Pitch by pitch, inning by inning, he and Guidry would trade stories about people, players and events that they were reminded of during the broadcast. The Yanks rallied in the 7th inning, and when Thurman Munson stepped to the plate and delivered an RBI, and the two men howled with laughter. It was easy to see that they loved Big Thurm, and conversation quickly turned to stories about the former Captain.
Bald Vinny and Louisiana Lightning
My favorite of the anecdotes came from Guidry, who recalled a sequence of pitches from the very game we were watching. Munson put down a signal, and Guidry shook him off. Munson called for another pitch, and once again Guidry shook him off. Finally, Munson dropped a signal for a pitch Guidry didn’t even throw and Gator requested the Captain join him on the mound for a conference. “What the *bleep* are you doing back there, Cap?” Guidry said. “I don’t even throw a changeup!” Munson replied “I know Gator…you just looked a little tense out there. I figured I’d give you a break!”.
Back on the main floor, I joined in on several Q&A sessions that had already begun. Prior to the event starting, I had posed an inquiry on FaceBook and Twitter soliciting questions from some of my readers. It was at this time that I got to ask my favorite questions from those that were sent in.
The first person I had a chance to speak to was Sparky Lyle. There were a lot of things I wanted to ask about, but the first question that came out of my mouth was about his reputation for sitting (naked) on top of birthday cakes that were brought in for players. I asked him who got the most upset over that prank, and he said it was former Pitching Coach Art Fowler. When pressed why it bothered Fowler so much, Sparky replied “I think he just loved eating cake!”
Thankfully, my desk was clear of birthday cake
I also asked him a question I received via Twitter, from user @Merle211 (and winner of my first autographed ball giveaway), about what it felt like to be traded to the Yankees from the Red Sox during Spring Training of 1972. Sparky said that contrary to what was custom at the time, he actually knew he was going to be traded. He said that at the end of the 71 season Ralph Houk had mentioned to him that they were going to go after him and try to put a trade together. Sparky recalls that he didn’t think much of it, but when it actually went through, he said he was surprised that Houk was able to pull it off! It turned out to be a great move for the Yanks, as Lyle became the Yankees’ bullpen ace, establishing himself as one of the best relief pitchers of the 1970s.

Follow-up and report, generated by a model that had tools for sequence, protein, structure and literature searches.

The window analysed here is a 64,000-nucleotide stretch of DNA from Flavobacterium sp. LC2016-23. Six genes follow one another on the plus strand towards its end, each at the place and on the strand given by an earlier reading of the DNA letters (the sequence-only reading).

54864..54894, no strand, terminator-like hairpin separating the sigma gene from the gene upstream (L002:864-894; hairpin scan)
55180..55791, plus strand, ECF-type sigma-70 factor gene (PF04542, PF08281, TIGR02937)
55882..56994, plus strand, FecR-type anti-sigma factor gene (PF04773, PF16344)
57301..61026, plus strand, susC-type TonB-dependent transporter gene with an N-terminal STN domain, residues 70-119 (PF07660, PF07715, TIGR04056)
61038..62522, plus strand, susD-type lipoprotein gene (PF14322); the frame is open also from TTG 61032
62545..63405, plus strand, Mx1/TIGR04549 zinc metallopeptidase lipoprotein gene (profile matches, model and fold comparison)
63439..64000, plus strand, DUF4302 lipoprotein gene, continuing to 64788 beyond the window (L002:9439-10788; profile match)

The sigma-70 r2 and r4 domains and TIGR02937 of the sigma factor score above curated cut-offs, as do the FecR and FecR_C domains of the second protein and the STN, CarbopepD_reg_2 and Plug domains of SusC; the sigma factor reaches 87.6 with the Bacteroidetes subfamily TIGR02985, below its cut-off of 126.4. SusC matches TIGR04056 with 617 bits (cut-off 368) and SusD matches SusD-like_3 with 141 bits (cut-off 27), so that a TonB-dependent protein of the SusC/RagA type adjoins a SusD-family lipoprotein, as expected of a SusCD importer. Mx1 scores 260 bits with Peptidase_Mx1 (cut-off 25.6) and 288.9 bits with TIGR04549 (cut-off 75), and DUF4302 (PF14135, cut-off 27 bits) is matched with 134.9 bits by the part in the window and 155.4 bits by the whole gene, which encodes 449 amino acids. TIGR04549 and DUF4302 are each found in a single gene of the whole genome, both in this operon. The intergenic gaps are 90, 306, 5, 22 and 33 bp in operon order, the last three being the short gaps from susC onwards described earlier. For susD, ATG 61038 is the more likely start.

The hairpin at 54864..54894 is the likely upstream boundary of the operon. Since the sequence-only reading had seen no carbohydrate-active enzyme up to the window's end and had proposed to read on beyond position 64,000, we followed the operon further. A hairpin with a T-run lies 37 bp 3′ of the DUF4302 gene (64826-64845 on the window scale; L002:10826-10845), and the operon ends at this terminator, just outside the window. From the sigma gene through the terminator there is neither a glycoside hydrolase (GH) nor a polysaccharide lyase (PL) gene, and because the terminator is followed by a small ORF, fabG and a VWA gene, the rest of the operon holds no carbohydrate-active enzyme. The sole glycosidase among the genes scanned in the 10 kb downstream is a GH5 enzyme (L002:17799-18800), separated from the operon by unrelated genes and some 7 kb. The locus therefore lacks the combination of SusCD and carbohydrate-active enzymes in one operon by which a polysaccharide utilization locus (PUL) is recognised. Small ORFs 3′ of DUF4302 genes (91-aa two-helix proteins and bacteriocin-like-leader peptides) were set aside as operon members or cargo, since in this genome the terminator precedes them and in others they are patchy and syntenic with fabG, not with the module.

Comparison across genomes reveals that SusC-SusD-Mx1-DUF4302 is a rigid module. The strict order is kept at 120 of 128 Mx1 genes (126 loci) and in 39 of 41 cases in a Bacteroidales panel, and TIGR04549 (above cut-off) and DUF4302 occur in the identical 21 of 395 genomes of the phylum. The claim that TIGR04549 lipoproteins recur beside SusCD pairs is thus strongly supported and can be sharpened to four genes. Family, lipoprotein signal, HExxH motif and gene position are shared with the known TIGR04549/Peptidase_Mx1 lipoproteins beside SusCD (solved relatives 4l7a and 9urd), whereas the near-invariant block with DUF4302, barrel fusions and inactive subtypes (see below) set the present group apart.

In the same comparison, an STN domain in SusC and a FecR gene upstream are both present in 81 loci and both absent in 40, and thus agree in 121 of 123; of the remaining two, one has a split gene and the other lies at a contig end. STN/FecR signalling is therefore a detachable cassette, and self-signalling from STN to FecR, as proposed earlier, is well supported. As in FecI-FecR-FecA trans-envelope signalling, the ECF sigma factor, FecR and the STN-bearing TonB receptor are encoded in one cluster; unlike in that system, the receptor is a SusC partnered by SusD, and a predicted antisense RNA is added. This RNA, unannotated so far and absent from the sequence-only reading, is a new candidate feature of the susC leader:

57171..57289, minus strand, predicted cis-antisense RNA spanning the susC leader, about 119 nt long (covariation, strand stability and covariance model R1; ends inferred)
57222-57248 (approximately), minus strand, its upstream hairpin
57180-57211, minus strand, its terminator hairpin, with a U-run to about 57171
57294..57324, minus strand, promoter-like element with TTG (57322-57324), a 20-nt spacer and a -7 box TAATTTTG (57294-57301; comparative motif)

The next question I chose to ask was one that I had always been curious to know the answer to. Dave Cohen, of FaceBook fame (and also winner of my second autographed ball give away), had asked of Lou Piniella:
” In the one-game playoff at Fenway in 1978, when he made the defensive play that saved the game, pretending he had a fly ball the entire time when he couldn’t see the ball, freezing the runners, at what point did he actually see the ball for the first time?”
When asked, Piniella responded with a hearty belly laugh. “Officially and on the record?”, he replied, “I saw it come off the bat…..off the record, I didn’t see it until it landed right in front of me” He went on to tell the story, and recalled that the inning prior (the 8th), he had come back to the dugout and mentioned to Yankee Skipper Dick Howser how difficult it was to see in the outfield. “If anything is hit on the screws, Skip, it’s gonna be a tough one to track down” Piniella recalled. The very next inning, Red Sox Second Basemen Jerry Remy hit a towering fly ball that Piniella lost in the sun. His defensive play caused the runner on first to only advance one base, thus preventing him from scoring the tying run when Red Sox legend Jim Rice followed with his own fly ball to the outfield.
Newly Retired Lou Piniella
When the event wrapped up, I had a hard time believing what I had just been a part of. Not only was I in the room with several Yankee legends, I was able to listen to their stories and relive their memories. As a Yankee fan, it was a week that I won’t ever forget. As a Steiner employee, it was an excellent hands on training experience, and one that I hope to do a lot more of in the future.
To reserve your own piece of memorabilia from the signings I was involved with last week, you can contact me directly at 914-307-1047 or at email@example.com